Tuesday, February 26, 2013

author Sands Hetherington takes the mic

by author Sands Heterington

From ghoulies and ghosties 
And long-leggedy beasties 
And things that go bump in the night, 
Good Lord, deliver us! 

Judging by this traditional Scottish prayer, you'd think we would want to AVOID spooky stories, but they have been very popular for a very long time; I suspect forever. So there must be something in us that enjoys scary things, albeit vicariously or from some other safe distance. My stories aren't about spooks and monsters in dark places, although a red crocodile that sounds like a chain saw and lives underneath the bed might spook some young tykes.

Here’s a look at two great stories that definitely are spooky, though.

The story that scared me the very most ever was H.G. Wells' The Invisible Man. Actually it was the movie and I was eight years old, but I did read the book years later when I managed to work up the nerve. After seeing that movie, I had a dread of dark places for a long time: not of anything specific in the story, but just a general dread.

The story is about a scientist who invents a drug that makes him invisible. The problem is what else it does: it makes him megalomaniacal and downright nasty, and he goes around killing people and NOBODY EVER KNOWS HE'S THERE UNTIL IT'S TOO LATE! He can have you in his sights and you won't know it until you feel the garotte. That's probably why I got scared of the dark. Dark and invisible are the same thing, and Wells has tapped into something primordial here. It's a real piece of horror genius and the most effective example I know of things that do in fact go bump in the night.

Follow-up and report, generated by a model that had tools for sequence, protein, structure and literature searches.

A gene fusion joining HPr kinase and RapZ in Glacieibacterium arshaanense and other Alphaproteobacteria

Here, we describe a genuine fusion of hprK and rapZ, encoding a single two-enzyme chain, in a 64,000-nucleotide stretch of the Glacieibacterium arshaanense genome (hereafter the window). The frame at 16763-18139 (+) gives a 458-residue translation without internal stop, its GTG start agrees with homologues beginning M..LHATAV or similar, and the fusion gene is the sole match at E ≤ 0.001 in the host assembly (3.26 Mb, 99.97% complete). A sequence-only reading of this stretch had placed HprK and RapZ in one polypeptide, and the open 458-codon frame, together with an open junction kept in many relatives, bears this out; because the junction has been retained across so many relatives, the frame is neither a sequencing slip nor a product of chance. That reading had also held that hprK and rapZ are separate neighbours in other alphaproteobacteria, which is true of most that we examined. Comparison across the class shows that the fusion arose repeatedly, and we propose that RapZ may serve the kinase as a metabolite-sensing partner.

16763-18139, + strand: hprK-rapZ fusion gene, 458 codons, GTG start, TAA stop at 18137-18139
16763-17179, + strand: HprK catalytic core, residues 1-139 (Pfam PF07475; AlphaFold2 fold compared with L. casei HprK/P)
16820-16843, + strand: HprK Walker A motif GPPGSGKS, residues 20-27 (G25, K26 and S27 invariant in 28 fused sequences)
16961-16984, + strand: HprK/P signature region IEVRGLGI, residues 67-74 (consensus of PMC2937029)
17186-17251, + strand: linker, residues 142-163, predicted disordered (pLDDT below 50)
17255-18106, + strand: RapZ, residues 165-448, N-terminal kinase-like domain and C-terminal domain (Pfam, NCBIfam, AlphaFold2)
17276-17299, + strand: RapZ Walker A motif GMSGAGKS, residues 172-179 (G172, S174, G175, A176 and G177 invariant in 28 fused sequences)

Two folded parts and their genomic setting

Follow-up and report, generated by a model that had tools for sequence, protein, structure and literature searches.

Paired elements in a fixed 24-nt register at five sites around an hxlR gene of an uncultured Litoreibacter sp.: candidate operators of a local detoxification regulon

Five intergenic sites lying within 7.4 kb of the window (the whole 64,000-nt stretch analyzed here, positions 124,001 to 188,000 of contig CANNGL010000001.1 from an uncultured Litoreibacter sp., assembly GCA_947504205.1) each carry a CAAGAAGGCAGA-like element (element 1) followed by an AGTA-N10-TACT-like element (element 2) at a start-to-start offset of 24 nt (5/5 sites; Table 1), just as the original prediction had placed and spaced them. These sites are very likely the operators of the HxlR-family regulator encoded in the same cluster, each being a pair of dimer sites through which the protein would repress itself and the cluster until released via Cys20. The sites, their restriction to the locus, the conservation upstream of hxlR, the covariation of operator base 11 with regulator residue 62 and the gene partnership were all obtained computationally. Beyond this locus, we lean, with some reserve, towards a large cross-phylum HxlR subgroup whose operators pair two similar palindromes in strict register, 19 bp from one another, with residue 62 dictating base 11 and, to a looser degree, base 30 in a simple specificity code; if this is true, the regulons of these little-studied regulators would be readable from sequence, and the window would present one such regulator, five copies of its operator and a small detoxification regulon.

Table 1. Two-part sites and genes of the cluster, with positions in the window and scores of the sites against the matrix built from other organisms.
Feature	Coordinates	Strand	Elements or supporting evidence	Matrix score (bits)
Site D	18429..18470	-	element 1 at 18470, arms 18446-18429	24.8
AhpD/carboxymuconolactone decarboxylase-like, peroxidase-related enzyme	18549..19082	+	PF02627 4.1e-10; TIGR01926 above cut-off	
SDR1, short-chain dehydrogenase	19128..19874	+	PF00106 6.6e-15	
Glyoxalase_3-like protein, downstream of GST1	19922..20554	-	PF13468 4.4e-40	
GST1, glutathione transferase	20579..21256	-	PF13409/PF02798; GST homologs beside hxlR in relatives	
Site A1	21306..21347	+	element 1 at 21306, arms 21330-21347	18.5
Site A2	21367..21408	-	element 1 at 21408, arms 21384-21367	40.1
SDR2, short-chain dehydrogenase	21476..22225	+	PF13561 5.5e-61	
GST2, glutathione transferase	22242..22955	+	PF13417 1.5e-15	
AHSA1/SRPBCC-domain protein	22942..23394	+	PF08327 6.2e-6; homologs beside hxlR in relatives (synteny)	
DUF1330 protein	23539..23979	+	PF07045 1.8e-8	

I'll bet you've never heard of my favorite ghost story. It's "Shottle Bop" by Theodore Sturgeon (Astounding Science Fiction, 1940). The central character is a ne'er-do-well, not altogether bad guy, who is down on his luck. He comes across a dusty little bottle shop in lower Manhattan. He goes in and meets the strange little proprietor who gives him a potion in a bottle and tells him,

 "It can do as much for you as you want it to. But mind me now. As long as you use what it gives you for your self-improvement, you will thrive. Use it for self-glorification, as a basis for boasting, or for revenge, and you will suffer in the extreme. Remember that, now." 

Our character goes home and drinks the potion and is suddenly able to see into the ghost world. And the truly remarkable thing is, he can see the ghosts but they can't see him! In any event, he manages to take up with a number of them and becomes rich as a "psychic consultant." Eventually he runs into an old enemy who calls him a phony. He bets the guy that he can show him a spook that will scare him half to death. They go to a haunted house where the ghost of an awful old murderer is supposed to live. Our man's invisibility magic wears off, though, because he has boasted and plotted revenge. The old murderer sees him, and our friend ends up quite dead. And he has to haunt the old house forever-----along with the horrible old murderer.

The story isn't all that scary (except at the end), but it's wall-to-wall supernatural phenomena, and delightfully funny and original. It's the finest ghost story I'm aware of. Invisibility is by no means the only device scary stories use, but both of these examples rely on it.

I don't do dead things or lots of scary. My only scary characters are the iguanas, and they are as amusing as they are frightening.

In Night Buddies, Impostors, and One Far-Out Flying Machine, there is one scary scene where Crosley morphs into an iguana and hijacks John and his blimp. The fright comes from what you thought was a friend turning into an enemy. And there is one example of terror in the dark at the very end of the book, but let's not give that away. If you are looking for real ghosts or real terror, check out Wells and Sturgeon. I promise you real results.

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1 comment:

Virginia S Grenier said...

Thank you for hosting Sands Hetherington and letting him share this zany guest post.